Albert Camus

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Albert Camus (1913­1960) and Absurdism
.
“There is but one truly serious philosophical problem, and that is suicide. Judging whether life is or is not worth living amounts to answering the fundamental question of philosophy.”1[1] The statement reveals one of the dilemmas of the philosophy of Absurd [also called as Absurdism] which Camus sought to answer. The Algerian­born French thinker Albert Camus was one of the leading thinkers of Absurdism. He was actually a writer and novelist with a strong philosophical bent. Absurdism is an off­shoot of Existentialism and shares many of its characteristics. Camus himself was labeled as an ‘Existentialist’ in his own life, but he rejected this title. He was not the first to present the concept of Absurd but it was owing to him that this idea gained popularity and influence, and it transformed into a proper philosophical movement of Absurdism. His famous novels include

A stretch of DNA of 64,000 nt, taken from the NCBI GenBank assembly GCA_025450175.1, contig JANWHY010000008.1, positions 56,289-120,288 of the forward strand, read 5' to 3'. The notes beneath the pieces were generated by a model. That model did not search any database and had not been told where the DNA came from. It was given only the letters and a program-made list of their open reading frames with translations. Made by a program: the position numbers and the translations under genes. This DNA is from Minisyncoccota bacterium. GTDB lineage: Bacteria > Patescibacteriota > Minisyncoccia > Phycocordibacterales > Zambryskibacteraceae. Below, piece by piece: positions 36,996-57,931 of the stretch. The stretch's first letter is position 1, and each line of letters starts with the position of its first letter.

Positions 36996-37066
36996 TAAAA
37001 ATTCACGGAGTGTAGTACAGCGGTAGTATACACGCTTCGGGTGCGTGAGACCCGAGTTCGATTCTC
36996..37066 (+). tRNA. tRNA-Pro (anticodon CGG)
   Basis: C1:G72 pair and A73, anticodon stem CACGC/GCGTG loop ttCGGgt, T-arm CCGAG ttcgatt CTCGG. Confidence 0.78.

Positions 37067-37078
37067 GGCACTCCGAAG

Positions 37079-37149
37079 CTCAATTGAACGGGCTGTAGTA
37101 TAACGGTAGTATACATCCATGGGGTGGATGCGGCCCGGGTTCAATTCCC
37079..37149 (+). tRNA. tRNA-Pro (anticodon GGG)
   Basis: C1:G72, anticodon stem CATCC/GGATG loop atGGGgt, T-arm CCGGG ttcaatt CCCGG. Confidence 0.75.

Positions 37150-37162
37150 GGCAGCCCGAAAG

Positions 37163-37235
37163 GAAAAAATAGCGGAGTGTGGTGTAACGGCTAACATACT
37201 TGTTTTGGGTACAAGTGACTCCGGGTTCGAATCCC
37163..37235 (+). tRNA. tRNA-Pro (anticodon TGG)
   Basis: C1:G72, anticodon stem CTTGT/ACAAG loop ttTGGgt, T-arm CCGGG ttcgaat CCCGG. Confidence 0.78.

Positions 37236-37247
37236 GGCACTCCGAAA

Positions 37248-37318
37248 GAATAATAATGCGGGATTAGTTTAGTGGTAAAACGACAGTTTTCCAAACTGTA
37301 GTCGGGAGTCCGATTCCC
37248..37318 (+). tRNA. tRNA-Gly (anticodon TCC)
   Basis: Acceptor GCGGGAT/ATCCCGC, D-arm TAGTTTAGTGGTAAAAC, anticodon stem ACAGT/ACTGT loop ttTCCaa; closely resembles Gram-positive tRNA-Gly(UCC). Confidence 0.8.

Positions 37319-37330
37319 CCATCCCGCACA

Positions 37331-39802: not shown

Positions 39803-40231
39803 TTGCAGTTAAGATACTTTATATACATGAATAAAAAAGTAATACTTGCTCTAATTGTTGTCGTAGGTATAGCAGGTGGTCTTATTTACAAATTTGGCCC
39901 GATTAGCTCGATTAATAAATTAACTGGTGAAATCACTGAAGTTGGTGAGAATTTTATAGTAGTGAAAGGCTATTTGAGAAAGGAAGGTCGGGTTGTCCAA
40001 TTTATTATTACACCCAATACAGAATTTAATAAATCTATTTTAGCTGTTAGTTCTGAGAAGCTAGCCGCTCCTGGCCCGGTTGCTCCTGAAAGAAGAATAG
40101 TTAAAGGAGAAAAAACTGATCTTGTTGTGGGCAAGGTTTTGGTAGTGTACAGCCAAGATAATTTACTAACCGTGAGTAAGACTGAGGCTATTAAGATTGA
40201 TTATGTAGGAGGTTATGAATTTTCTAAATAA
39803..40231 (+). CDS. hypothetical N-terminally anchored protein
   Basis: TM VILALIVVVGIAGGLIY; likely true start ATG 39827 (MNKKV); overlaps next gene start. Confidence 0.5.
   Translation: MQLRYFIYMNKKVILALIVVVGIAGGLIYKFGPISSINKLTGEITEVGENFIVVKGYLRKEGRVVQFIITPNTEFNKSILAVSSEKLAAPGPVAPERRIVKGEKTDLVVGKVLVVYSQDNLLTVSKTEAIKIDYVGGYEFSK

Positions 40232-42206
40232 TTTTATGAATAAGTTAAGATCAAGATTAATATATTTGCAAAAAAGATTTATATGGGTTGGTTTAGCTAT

The Stranger [also translated as
The Outsider
] and
The Fall
, while The
Myth of
Sisyphus
is his most important book with regard to his philosophy of the Absurd. He was one of the youngest people to receive the Nobel Prize for Literature, when he became a Nobel Laureate in 1957. It is an ironic fact that he died in a car accident in 1960, as he had once remarked that the most absurd way to die would be in a car accident. Camus was a friend of Sartre and worked with him for quite some time, but the two got separated over the issue of communism, as Sartre was a Marxist while Camus opposed it believing that this would lead to totalitarianism. The foundations of the concept of Absurd can be traced back to the deeply religious Danish philosopher Søren Kierkegaard, also regarded as the fore­father of Existentialism. Kierkegaard describes the Absurd as a situation in life which all the rational and thinking abilities of a person are unable to tell him which course of action to adopt in life, but in this very uncertainty he is

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